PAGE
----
Robert Gill Net Worth
How Much money Robert Gill has? For this question we spent 25 hours on research (Wikipedia, Youtube, we read books in libraries, etc) to review the post.
The main source of income: Actors
Total Net Worth at the moment 2019 year – is about $184,7 Million.
Robert Gill information Birth date: 1804-09-26 Death date: 1875-04-10 Birth place: Hackney, London, England Profession:Actor Spouse:Frances Flowerdew Rickerby
:How tall is Robert Gill – 1,77m.
How much weight is Robert Gill – 68kg
Major Robert Gill (1804–1875) was an army officer, antiquarian, painter and photographer in British India. He is best known for his paintings copying the frescoes of the Ajanta caves. Gill was the first painter – after their rediscovery in 1819 – to make extensive copies of the Buddhist cave paintings, which mostly date to the 5th century CE. His surviving copies and drawings remain significant in Ajanta studies as the originals have significantly deteriorated since his time.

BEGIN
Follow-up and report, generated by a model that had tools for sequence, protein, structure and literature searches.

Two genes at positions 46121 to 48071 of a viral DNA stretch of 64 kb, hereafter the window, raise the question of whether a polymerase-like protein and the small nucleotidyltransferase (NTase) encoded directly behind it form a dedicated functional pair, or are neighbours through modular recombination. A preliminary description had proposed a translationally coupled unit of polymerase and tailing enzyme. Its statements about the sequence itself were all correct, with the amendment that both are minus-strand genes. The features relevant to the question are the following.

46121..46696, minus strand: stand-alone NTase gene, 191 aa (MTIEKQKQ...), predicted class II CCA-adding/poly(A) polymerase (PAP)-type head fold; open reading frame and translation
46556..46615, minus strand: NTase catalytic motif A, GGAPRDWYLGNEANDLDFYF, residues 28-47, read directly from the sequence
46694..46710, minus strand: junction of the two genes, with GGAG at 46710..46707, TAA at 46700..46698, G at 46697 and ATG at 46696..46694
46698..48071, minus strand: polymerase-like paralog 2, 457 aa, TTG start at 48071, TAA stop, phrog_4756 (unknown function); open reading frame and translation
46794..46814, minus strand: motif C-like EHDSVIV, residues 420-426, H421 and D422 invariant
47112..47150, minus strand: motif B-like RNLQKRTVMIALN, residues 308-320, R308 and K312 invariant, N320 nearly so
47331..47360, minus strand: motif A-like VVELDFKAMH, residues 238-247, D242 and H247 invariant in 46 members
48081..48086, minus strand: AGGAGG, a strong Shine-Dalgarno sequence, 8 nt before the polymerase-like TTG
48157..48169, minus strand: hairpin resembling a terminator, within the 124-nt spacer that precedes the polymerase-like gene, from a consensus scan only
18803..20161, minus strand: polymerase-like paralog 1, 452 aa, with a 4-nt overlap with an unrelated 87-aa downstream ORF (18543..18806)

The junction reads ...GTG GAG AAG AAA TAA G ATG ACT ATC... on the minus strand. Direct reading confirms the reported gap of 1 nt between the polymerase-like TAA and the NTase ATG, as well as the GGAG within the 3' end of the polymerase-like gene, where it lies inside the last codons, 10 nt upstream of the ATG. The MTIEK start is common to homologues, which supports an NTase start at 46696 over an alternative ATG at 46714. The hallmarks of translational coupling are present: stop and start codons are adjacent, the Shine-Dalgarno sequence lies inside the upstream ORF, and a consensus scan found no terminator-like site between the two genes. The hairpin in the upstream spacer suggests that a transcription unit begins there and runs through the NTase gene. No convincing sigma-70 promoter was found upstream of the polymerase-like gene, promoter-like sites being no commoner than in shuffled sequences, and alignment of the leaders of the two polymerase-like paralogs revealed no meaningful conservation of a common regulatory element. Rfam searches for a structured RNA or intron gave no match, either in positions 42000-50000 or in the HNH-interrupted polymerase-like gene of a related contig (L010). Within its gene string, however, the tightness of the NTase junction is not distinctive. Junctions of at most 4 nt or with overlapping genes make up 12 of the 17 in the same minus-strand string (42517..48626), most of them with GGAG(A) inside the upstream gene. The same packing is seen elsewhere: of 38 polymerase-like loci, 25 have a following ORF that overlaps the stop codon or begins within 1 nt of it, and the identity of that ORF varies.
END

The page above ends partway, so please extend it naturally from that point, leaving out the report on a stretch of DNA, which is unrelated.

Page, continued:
Biography,Family and military serviceGill was born in Hackney, London, the son of a stockbroker. On 25 May 1825, he married Frances Flowerdew Rickerby at St Lukes Church, Chelsea, in London. He had joined the 44th Madras Native Infantry as a cadet the previous year, and became an ensign on 6 May 1825, immediately before his marriage. Promotion to Lieutenant followed in September 1826, and to Captain on 6 May 1840, finally he was promoted to Major. He was discharged as an invalid on 1 October 1852. His first child, a daughter called Frances Eliza Minchin Gill (1842-1930), was born in Madras. His first son, the soldier, explorer and intelligence officer William John Gill (1843-1882), was born in Bangalore. A second daughter, Rose Matilda Gill, was born in Chelsea in 1845 but died when less than three weeks old. A second son, the lawyer Robert Thomas Gill (1847-1927) was born in Jaulnah, as was a third daughter, Lucy Annie Gill (1849-1903). Robert Gill may have had several children who died in infancy by his first Indian mistress, Paro. He had two daughters by his second Indian mistress: Mildred Mary Gill (1866-1923) and Annie Gill (c.1864-1934).Dancing girl in Ajanta fresco, showing deterioration between the cave now (left) and Gills copy.CareerGill was a member of The Royal Asiatic Society, and this association was eventually parlayed into copying the murals that had first been published in a lecture by James Fergusson to the Bombay branch of the Society, and later inclusion and illustration in his book in Indian rock-cut architecture. From 1844, Gill was taken away from military service to copy the Ajanta murals for the Asiatic Society of Bombay, at an additional salary of 200 rupees a year. He spent thirty years measuring, mapping, cataloguing, photographing, and painting in the caves, despite dangers from wild animals and the local Bhil people.Arriving at Ajanta in early 1845, he completed an initial survey and inspection, submitting a report the same year. He began to ship completed paintings back to London in 1847, where many were exhibited at the museum of the East India Company. A number of them were reproduced, somewhat crudely, in an article in 1849 in the Illustrated London News. He had copied about 30 of the principal frescoes on canvas at almost full-size by 1863, when the painting phase of his work largely ended, these works were sent to London. Unfortunately, twenty-five of his pictures were burnt during the 1866 fire at The Crystal Palace, where they were on loan and being exhibited. Another was destroyed by a fire in a storeroom in the South Kensington Museum (now the Victoria and Albert Museum) in 1885. This was the same fire that destroyed most of the next generation of Ajanta copies, just completed by a team from the Bombay School of Art. None of Gills lost copies had been photographed. The four surviving Gill copies are in the Victoria and Albert Museum in London, a number of his drawings are in the British Library.Gill remained based at Ajanta for the rest of his life, also making tours to other ancient sites in India. He took up photography, including stereoscopy, in about 1856, and much of his photographic work is published in two books, The Rock-Cut Temples of India, and One Hundred Stereoscopic Illustrations of Architecture and Natural History in Western India, with notes by James Fergusson.Gills surviving photographs, drawings, and paintings are constantly cited by scholars of Ajanta and Indian art generally, as they have preserved the memories of original painted surfaces that have undergone significant flaking. Accelerated deterioration began immediately upon the caves rediscovery starting in 1819. According to the Victoria and Albert Museum, even in Gills time the original cave paintings could be seen suffering damage from frequent, unsupervised visitation and also from swarms of bees and bats. Gills works also record the condition of the stonework at the time, some sections have since been lost, such as the portico to Cave 1, and others considerably repaired and tidied. Many of his plans, drawings, and photographs are available online at the British Library and other places.Death and burialLike many other British Indian officers of those days, Gill was an avid hunter and killed about 150 tigers, mostly on foot. He died in 1879 while being transported from Ajanta to Bhusawal in a very ill condition, and was buried at the Catholic Cemetery at Bhusawal.
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